5. Matters of mutual consent are often complicated in ways feminists deny--given they're often more bent on making ideological points more than seeking the truth. That said, this kind of bullshit should draw a 20 year mandatory prison sentence. Along with spiking drinks. NOT TO BE CONFUSED with the person who chooses to drink to excess and cannot sort out what happened the next day. Maybe a crime occurred, but that's a whole lot more complicated. Injecting someone is form of KIDNAPPING and it's just plain fucking zero tolerance territory, IMO. Too bad hyperbole around grey areas makes this sort of thing less clear as to its wholly different nature.

  6. Yes. I'm sorry. My sarcasm gets me in trouble, and this story is so irresponsible and absurd that I got prosaic. The fact is that, having read the entire story, I see not one piece of verifiable evidence backed up by a statement be a single medical professional. The only reference to a medical opinion is that which is reported by the single identified victim herself - not by the doctor who she claims told her that she'd been drugged. Why? Because the original reports were done by someone who was eager to print a scandalous story, and never bothered to ask for permission to speak with that doctor - which would have been entirely possible with the consent of the victim. The story actually links to another story, with the suggestion that there is medical support there, but that story only quotes a cosmetic surgeon who says "people can get needles in the mail." It also cites an arrest of two men on "suspicion" of something, but not any of the evidence to support it. No "men who were found in possession of needles with some strange substance in them."

    Forgive me, but this story has every ring of a moral panic, and none of the marks of responsible journalism. How close is this to every urban legend of clown sightings, people hiding under cars to ambush vulnerable women, and gang members killing at random as initiation. NONE of these things have ever been supported by evidence - at least not to have ever happened more than once, but they all made for exciting news stories.

    Now, it's entirely plausible that someone HAS been attacked in this way, and if so, it's most likely the result of a substantial psychiatric illness. That is a serious matter, but not evidence of some widespread trend. People hurt each other in many, many ways, but I can't see any other benefit or motivation for drugging someone in this way vs. a more traditional "spiking" of a drink, which is still a very real problem that is verifiable with evidence such as tox screens and cameras at bars. In this "needle spiking" situation, there's not even a suggestion of a single episode of sexual assault that is typically the sole purpose of the known behavior of drink spiking.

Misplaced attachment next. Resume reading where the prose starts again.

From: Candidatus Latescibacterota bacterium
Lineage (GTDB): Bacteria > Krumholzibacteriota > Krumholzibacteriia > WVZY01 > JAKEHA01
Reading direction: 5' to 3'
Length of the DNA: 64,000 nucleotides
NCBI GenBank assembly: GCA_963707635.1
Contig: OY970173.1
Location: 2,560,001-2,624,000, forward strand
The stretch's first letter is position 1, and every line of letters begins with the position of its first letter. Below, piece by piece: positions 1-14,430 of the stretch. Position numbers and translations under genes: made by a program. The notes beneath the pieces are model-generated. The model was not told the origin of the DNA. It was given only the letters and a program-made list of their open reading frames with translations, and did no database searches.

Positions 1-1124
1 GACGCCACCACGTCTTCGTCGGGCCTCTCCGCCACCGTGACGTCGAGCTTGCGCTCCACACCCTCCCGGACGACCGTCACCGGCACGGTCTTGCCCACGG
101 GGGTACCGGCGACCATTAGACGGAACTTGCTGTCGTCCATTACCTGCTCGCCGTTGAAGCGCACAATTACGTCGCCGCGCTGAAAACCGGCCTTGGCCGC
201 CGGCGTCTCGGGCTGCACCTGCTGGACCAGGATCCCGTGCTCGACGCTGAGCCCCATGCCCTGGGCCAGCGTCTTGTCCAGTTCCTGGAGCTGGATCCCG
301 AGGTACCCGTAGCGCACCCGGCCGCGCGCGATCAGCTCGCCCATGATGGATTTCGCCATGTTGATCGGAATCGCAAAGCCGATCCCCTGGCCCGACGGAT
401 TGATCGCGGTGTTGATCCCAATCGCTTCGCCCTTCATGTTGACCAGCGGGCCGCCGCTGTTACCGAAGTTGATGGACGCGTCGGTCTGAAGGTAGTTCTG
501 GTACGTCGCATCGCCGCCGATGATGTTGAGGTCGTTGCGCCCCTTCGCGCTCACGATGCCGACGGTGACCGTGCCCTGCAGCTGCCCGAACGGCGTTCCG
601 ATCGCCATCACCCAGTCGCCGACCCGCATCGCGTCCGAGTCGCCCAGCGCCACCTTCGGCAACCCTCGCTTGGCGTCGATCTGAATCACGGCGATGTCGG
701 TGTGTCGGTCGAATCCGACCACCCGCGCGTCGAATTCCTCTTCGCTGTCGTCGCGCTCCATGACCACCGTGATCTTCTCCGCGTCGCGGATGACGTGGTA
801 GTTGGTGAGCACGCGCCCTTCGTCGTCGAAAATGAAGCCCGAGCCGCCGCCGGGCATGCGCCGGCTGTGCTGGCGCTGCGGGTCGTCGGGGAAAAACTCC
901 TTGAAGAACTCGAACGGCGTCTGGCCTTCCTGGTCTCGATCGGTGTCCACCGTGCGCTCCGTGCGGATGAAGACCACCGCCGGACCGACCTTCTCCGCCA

I see that someone has used the phrase "blame the victim" here in the comments. It's unclear if that's directed at me, but this is nothing of the sort. If there were any significant evidence of a victim, then I would be in full favor of addressing this as a major problem. I professionally work with people who have suffered major trauma, including sexual trauma, and their needs are very real and their trauma quite verifiable. It's on the surface. It changes their lives. The effects don't wear off in a day.

    No. What I see here is a lot of adolescents using substances to excess, eager to avoid consequences for their behavior, and thankful for a mystery assailant who can never be caught or even confirmed to exist, but about which people are eager to believe. The fact that no permanent harm has ever been alleged to have been caused is just another convenient part of the equation. That's fine. I'm not even angry at the adolescents. This is, frankly, expected behavior. It's not like there isn't strong history to support adolescents playing on unverifiable phenomena for some social benefit... Hell, I KNOW I lied as an adolescent in order to shape the way people formed opinions of me. It's rare that a person doesn't do this.

    And yes, this kind of behavior by the press is exactly what undermines the notion that we can or should trust that institution when it becomes critically important that the public know the truth about things.

    For those eager to jump to the defense of these young people, why are we not then demanding a better-sourced story so that we can all be sure that we're developing a clear response to an understood problem? Or is this just too sexy or exciting to ask for details?

    1. Helpful analysis and perspective. Thanks.

    2. Thanks, Benjamin. I've inserted an addendum on the post referencing your comments.